Lahemaa national park near Tallinn is home to a number of odd attractions, including “one of the most accessible bogs in Estonia.” (Fun fact: 7 percent of the country is bogland, and Estonia isn’t a very big place.) There’s a wooden walkway to take you across Viru bog, since you definitely don’t want to fall in—bodies become mummified in the extremely acidic water. Despite the prevalence of what’s basically battery acid, this is a very popular tourist and nature lover’s pitstop. I saw the bog as part of Tallinn Traveller Tours‘ excellent national park day trip, and my guide, Ann, relayed intriguing botanical knowledge along the way, pointing out moose moss (“My grandmother calls me every autumn to remind me to make a tea of moose moss for colds. Don’t do it; it smells disgusting.”), and another plant that has mild psychedelic properties if smoked. We also ate some cranberries, which didn’t taste very good—something you might know if you’ve ever eaten raw cranberries. Autumn is the best bog-viewing period, said Ann, since the sparse vegetation takes on brilliant rusty hues.
4. Former Soviet submarine demagnetizing base, Hara, Lahemaa National Park
Basically, during World War II, the dastardly Soviets figured out how to make their submarines immune to detection from enemy radar, by running a copper wire around them, which effectively demagnetized them. Hopefully I got that right—the details really aren’t that important anymore, since this strange concrete structure sticking out into a particularly placid section of the Baltic sea is now little more than a popular fishing and graffiti spot. Anyone who loves a bit of ruin porn will have a field day here (bring your camera!) checking out the amazing spray-painted art, hopping around the various parts of this odd structure, and doing like the fisherman and enjoying the eerily quiet beauty.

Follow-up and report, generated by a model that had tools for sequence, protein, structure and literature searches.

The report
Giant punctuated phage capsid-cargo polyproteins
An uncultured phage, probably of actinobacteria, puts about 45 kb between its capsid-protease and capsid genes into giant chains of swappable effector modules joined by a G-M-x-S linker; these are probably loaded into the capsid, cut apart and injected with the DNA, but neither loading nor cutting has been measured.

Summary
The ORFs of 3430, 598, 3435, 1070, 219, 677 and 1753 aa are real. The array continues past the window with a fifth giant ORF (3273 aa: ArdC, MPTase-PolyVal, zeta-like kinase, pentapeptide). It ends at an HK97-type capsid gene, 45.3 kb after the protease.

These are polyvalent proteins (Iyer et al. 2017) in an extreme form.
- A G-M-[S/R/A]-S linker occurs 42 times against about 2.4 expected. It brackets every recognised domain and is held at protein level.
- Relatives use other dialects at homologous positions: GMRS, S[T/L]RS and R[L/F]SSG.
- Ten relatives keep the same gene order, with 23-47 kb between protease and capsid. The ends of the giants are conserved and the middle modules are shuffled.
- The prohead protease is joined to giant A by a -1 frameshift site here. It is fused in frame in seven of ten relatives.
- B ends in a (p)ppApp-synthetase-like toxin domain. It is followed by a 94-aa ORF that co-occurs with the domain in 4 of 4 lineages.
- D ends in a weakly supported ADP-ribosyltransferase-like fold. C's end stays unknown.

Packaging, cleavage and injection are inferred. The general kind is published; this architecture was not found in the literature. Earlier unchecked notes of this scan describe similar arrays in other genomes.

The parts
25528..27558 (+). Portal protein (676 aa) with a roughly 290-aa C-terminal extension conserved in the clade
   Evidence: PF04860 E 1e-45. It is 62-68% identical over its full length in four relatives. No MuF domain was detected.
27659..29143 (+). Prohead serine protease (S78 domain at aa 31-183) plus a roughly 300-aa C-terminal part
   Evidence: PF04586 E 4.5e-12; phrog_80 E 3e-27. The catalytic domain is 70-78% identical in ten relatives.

5. Soviet flea market, Tallinn
Ever felt like you needed an amateur oil painting of Lenin? Maybe a commemorative clock with Stalin’s mug on it? A model car of a Soviet Lada? You can find all this and more at the Balti Jaam market across from Tallinn’s train station, where the vendors don’t seem to have gotten the memo that it was curtains for the iron curtain several decades ago. To track down the weirdest stuff, veer all the way left at the entrance. On the right-hand side you’ll find cheap Russian cosmetics, the usual made-in-china whatnot, and a pretty good selection of produce, including, when I visited recently, flats of gloriously bright-orange sea buckthorn and fairytale displays of wild mushrooms. You might even see a shopping cart full of unwrapped meat in the butcher area, but don’t try to take any photos of this bizarre sight, or you’ll be severely reprimanded in Russian. Um, from what I hear.
6. Military Theme Park, Valga
The town of Valga is located on the border between Estonia and Latvia, with a foot in each country, so you could visit this touchingly homespun military theme park from either Tallinn or Riga, Latvia. Or better yet, while you’re traveling between the cities! (Tallinn Traveller Tours offers a day trip that ends in Riga and includes a stop here.) “Theme park” is an optimistic designation; it’s more of a rinky-dink museum, really. The two-story building includes exhibits on Nazi and Soviet combat (complete with papier maché soldiers) and another on the Estonian police force, including ’80s mannequins in sexy skirt uniforms. Out back is where the “theme park” part comes in, kind of. Feel free to risk your life in the shaky helicopter ride or lose your children on the obstacle course at their own risk.